"I just wanted to share something with you. Tomorrow, I will teach the final lesson in Priscilla Shirer's Jonah: Navigating a Life Interrupted Bible study. I started prepping for this study in June. At the beginning, we were asked to choose something in our life where we could clearly see that God had interrupted our plans. The goal was to begin seeing interruptions as divine interventions. Obviously, it was clear what situation I'd be using. What was a little harder was realizing that He brought a situation straight to us, knowing He would greatly interrupt or intervene once our hearts were all in. As I prepped for tomorrow and went over the lesson again, I realized that it's all so much bigger than me. I'd like to think He used us, in some small way, but all of this, all the hurt and pain, eventually led to the angels rejoicing in Heaven over another soul saved. Yes, I want Kate in my arms instead of the ground...but she is safe in the arms of her loving Savior...And for the soul of her mama, well, a year of pain is well worth a life saved."

She responded, "I love you, Kate's mom. You bless me and so many others for living the way you do..."

The repentance of the Ninevites was never about Jonah. Jonah just got to be a part of it. May I always remember, in my grief and my pain and my frustration, that maybe my life is being interrupted so that someone else can see the glory of the Lord.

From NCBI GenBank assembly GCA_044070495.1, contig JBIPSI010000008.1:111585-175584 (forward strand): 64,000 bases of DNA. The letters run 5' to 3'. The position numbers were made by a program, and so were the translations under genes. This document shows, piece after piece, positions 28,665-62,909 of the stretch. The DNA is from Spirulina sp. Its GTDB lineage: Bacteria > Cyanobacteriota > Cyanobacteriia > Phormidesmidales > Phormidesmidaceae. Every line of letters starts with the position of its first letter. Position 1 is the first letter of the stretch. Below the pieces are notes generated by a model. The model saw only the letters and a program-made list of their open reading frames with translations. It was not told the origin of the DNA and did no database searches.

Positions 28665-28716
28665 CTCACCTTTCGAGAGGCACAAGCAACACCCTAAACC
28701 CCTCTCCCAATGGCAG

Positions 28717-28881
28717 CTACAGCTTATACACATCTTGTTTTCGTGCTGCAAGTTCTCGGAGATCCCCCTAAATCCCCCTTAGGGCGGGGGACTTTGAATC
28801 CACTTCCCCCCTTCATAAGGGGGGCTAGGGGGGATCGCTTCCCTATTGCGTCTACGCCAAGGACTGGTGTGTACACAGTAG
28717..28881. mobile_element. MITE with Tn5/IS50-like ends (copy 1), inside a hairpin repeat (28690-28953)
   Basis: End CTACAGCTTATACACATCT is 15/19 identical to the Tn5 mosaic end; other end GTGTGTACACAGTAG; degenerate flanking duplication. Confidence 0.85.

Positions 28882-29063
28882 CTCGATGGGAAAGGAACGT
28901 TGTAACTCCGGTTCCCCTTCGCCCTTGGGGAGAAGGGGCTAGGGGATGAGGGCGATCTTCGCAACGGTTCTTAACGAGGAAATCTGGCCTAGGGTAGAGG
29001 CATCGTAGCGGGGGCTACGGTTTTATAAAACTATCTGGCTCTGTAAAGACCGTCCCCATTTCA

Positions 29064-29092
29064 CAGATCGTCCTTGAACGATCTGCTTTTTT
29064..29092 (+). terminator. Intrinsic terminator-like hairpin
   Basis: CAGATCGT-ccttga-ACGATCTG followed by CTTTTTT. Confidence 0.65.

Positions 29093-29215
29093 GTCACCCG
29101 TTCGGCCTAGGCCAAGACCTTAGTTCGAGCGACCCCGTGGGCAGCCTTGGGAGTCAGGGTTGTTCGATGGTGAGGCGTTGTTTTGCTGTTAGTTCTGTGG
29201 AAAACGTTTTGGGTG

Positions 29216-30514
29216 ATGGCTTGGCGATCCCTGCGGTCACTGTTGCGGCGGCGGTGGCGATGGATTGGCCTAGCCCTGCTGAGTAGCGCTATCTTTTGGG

Wednesday, December 16, 2015

Isn't There Anyone Who Knows What Christmas Is All About?

The following is an article written by my husband for our church newsletter. It's important. It's what I want my boys to remember. It's why we try never to have a "rip and tear" fest. It's why we don't get up before the sun to jump into our stuff. It's why our Christmas Eve service at church is the most important part of our Christmas.

Isn't there anyone who knows what Christmas is all about? --Charlie Brown


Trees and lights and shopping mall Santas. Family gatherings, exchanged gifts, frosted cookies and holiday dinner. There are so many things we associate with Christmas. But what is Christmas really about?

If you're reading this article, I'm sure you already know. You understand that Christmas is the celebration of Christ's birth. It is the day when we specifically remember the incarnation. We pause to reflect on the great gift of God to us. Himself.

But when the fullness of the time had come, God sent forth His Son, born of a woman, born under the law, to redeem those who were under the law, that we might receive the adoption as sons. --Galatians 3:4-5